11 November 2013

James 1:1-11

“My brothers and sisters, whenever you face trials of any kind, consider it nothing but joy, because you know that the testing of your faith produces endurance” (vv. 2-3)


The Letter of James had a difficult journey into the New Testament. It was not until the end of the 4th century that it was acknowledged as Scripture by both the eastern and western Churches. Jesus Christ is only mentioned twice, at the beginning of chapters 1 and 2. There is no clear progression of ideas, as the first 11 verses demonstrate. It has been described as having no theology, and has suffered since the 16th century from the comments of the reformer Martin Luther, who described it as "an epistle of straw". Despite that, the letter is worth reading as a guide for practical Christian living.

After his initial greeting, addressing the letter to a wide readership, rather than to one particular group of Christians, the writer begins by reminding his readers that the life of faith is not easy. There will be many trials on the way, but they are to face them joyfully, for they are growing points in life, working to produce deeper, stronger, more certain faith. He does not spell out what those trials might be, whether outright persecution or the challenges of daily life, but in order to use those testing experiences in the right way, wisdom is needed.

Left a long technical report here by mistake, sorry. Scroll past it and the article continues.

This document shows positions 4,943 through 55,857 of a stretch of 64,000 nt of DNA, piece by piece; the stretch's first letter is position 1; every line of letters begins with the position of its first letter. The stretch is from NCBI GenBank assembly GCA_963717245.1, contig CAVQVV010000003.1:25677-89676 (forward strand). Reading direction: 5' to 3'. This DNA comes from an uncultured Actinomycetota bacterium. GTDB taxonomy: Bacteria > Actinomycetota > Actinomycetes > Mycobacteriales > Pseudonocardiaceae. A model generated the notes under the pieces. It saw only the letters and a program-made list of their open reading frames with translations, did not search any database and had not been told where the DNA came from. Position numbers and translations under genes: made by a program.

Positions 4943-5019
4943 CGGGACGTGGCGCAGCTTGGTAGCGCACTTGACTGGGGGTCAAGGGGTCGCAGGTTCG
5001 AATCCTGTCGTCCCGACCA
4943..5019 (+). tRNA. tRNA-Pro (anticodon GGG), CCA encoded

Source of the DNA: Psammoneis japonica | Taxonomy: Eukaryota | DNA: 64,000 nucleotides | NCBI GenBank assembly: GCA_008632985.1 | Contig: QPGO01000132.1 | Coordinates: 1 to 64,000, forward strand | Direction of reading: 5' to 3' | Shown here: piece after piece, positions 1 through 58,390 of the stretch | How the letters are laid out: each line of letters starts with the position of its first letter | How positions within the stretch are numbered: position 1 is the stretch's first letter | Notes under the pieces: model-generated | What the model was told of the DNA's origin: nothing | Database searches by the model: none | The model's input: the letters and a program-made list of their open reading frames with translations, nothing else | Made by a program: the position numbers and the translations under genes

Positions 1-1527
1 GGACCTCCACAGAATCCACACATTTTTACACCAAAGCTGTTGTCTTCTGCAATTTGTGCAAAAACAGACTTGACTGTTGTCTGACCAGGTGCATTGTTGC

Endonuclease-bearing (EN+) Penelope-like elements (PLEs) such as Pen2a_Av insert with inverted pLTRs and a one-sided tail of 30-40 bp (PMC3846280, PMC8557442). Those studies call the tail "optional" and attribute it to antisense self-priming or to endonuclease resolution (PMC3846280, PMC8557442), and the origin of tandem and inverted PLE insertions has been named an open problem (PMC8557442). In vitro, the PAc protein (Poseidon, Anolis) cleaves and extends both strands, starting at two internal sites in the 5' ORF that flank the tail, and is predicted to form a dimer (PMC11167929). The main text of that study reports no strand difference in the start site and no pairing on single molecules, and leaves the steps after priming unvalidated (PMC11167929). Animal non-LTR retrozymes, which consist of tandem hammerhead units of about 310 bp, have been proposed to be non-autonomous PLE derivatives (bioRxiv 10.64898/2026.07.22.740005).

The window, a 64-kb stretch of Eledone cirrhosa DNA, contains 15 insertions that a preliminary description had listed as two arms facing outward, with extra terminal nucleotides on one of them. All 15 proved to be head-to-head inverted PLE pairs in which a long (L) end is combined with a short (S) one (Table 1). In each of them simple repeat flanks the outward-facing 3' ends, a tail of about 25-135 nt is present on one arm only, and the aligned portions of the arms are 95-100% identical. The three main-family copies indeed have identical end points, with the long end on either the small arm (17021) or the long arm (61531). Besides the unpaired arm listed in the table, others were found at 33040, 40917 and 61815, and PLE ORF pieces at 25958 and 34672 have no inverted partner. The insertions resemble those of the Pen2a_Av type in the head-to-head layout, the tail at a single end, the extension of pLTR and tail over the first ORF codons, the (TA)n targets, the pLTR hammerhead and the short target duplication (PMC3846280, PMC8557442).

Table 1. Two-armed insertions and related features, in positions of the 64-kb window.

James sees wisdom as a gift of God, which is to be prayed for. In verse 6, he talks about the importance of faith in prayer. Prayer is to be made expectantly, and those who approach prayer without any sense of expectation will be unable to receive from God.

In verse 9, James seems to enter upon a new subject - the question of wealth and poverty in the Christian community. There are echoes here of Mary's song in Luke 1:52-53, which speaks of the poor being lifted up and the rich sent away empty in God's kingdom, but perhaps James here is reminding the poorer members of the church of their status as children of God, and warning the wealthier members of the transitory nature of wealth.

To Ponder

  • People say 'these things are sent to try us' when going through difficulties in life. How do you feel about that statement?
  • James seems to be quite hard on wealthy people, as did Jesus. What do you consider to be the difficulties faced by the rich in living a Christian life?

Bible notes author

The Revd Richard Bielby

Richard is a supernumerary Methodist presbyter in Stockton on Tees. He is a part-time prison chaplain and also serves as a voluntary chaplain at Durham Cathedral.